DNA damage response (DDR) and repair play critical roles in influencing the efficiency and sensitivity of many cancer treatments. The large amount of DNA damage generated during chemo/radiotherapy can kill cancer cells, which are under high replication stress. Hence, further inhibition of DDR and repair can enhance treatment outcome. The differences between DDR and repair function in normal and tumour cells creates an exciting therapeutic opportunity for the development of a new generation of targeted cancer drugs through a principle called synthetic lethality. However, intrinsic or acquired resistance to these drugs occurs in many patients causing a lack response or tumour regrowth. Therefore it is essential to understand the mechanisms of DDR and repair in order to classify various functions that influence cancer treatments.
Conventional methods of knockdown/out genes or genetic mutants do not provide detailed molecular understanding of how a specific protein interaction is responsible for its unique function. This project is going to solve this problem by generating a group of small protein molecules (Affimer, function like antibody but with much smaller size) that can inhibit particular domains of DDR complexes to provide a molecular understanding of how these complexes influences the sensitivity for cancer cells from each type of cancer treatments. These Affimer protein tools will also provide the opportunities for modulating the function of DNA repair protein and super-resolution imaging in cancer cells.
This studentship will deliver interdisciplinary training in protein biochemistry, and molecular, structural and cellular biology. The technical skills will include isolation of Affimers through phage display (a technique recognised in Nobel prize Chemistry 2018), cloning, protein expression/purification, biophysical/biochemical methods (e.g. ITC, SPR and EMSA), structural methods (X-Ray/NMR) and cellular assays. These trainings will equip student to pursue cutting edge interdisciplinary research at the life sciences interface. Moreover both the primary and secondary supervisors’ laboratories will train students to develop the mind-set and communication skills needed to pursue both precise and quantitative research .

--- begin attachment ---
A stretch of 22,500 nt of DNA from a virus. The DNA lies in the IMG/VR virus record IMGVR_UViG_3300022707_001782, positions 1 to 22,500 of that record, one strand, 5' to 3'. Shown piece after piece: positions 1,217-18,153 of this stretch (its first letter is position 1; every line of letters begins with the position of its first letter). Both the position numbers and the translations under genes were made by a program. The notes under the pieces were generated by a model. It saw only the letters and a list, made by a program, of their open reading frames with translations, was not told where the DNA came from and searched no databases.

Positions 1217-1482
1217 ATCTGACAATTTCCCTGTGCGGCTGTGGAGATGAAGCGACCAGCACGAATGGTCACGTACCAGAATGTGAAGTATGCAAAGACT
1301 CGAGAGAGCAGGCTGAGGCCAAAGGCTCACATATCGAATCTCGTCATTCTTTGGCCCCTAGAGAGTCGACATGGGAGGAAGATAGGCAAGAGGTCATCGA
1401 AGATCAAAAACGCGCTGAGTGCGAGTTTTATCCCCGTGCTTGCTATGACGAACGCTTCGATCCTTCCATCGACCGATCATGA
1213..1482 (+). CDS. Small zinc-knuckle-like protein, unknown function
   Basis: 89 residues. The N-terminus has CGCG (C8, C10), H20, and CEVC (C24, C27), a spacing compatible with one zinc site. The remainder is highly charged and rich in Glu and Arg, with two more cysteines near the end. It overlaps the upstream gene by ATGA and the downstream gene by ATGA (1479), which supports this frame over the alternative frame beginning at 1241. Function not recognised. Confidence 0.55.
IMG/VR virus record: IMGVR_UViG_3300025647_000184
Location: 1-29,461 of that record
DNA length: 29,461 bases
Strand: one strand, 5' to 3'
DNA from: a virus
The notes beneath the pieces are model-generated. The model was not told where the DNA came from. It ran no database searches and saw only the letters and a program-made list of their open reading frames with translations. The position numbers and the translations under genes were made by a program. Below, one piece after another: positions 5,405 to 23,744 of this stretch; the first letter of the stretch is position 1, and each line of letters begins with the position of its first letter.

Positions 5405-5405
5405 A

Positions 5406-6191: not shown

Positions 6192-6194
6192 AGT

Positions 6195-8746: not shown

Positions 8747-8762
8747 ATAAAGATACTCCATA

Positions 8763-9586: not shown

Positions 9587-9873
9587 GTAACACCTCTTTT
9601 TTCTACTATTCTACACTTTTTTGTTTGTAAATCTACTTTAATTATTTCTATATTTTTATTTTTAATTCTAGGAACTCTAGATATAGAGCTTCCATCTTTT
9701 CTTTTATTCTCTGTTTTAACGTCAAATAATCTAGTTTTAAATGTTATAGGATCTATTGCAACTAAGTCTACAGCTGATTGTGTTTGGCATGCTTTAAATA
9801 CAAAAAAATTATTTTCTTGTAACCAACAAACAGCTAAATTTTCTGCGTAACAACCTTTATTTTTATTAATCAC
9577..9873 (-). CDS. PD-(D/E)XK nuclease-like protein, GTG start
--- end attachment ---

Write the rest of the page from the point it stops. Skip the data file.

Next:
Supervisors and laboratory environment
Both supervisors will supervise and stimulate the student to establish good practice of research skills, learn cutting edge techniques and obtain the latest research knowledge.
Dr Qian Wu (Primary supervisor) works in DNA repair field and specialises at characterization of the structural mechanism of human DNA repair pathways for double-strand breaks.
- Lab website:http://qianwulab.org and https://biologicalsciences.leeds.ac.uk/biological-sciences/staff/1136/dr-qian-wu
- Twitter: @qianqian5000
- Contact Dr Wu ([email protected]
) for more information about this project.
Dr Darren Tomlinson (Secondary supervisor) specialises using Affimer proteins to understand how proteins function within cells, especially a range of proteins involved in cancer biology and has successfully used Affimers for blocking protein domain function.
- Lab website: https://biologicalsciences.leeds.ac.uk/molecular-and-cellular-biology/staff/145/dr-tomlinson
- Twitter: @Tomlinson_lab
We are a group of young scientists consisting of over 20 PhD student, PDRAs and technicians, who are driven and passionate about science and its application towards human health. We created an interactive and friendly research environment with diversity and inclusion to support the development of individual group members and also form a strong force as a team to develop tools for studying important biological question.
Benefits of being in the DiMeN DTP:
This project is part of the Discovery Medicine North Doctoral Training Partnership (DiMeN DTP), a diverse community of PhD students across the North of England researching the major health problems facing the world today. Our partner institutions (Universities of Leeds, Liverpool, Newcastle and Sheffield) are internationally recognised as centres of research excellence and can offer you access to state-of the-art facilities to deliver high impact research.
We are very proud of our student-centred ethos and committed to supporting you throughout your PhD. As part of the DTP, we offer bespoke training in key skills sought after in early career researchers, as well as opportunities to broaden your career horizons in a range of non-academic sectors.
Being funded by the MRC means you can access additional funding for research placements, international training opportunities or internships in science policy, science communication and beyond. See how our current DiMeN students have benefited from this funding here: http://www.dimen.org.uk/overview/student-profiles/flexible-supplement-awards
Further information on the programme can be found on our website: http://www.dimen.org.uk/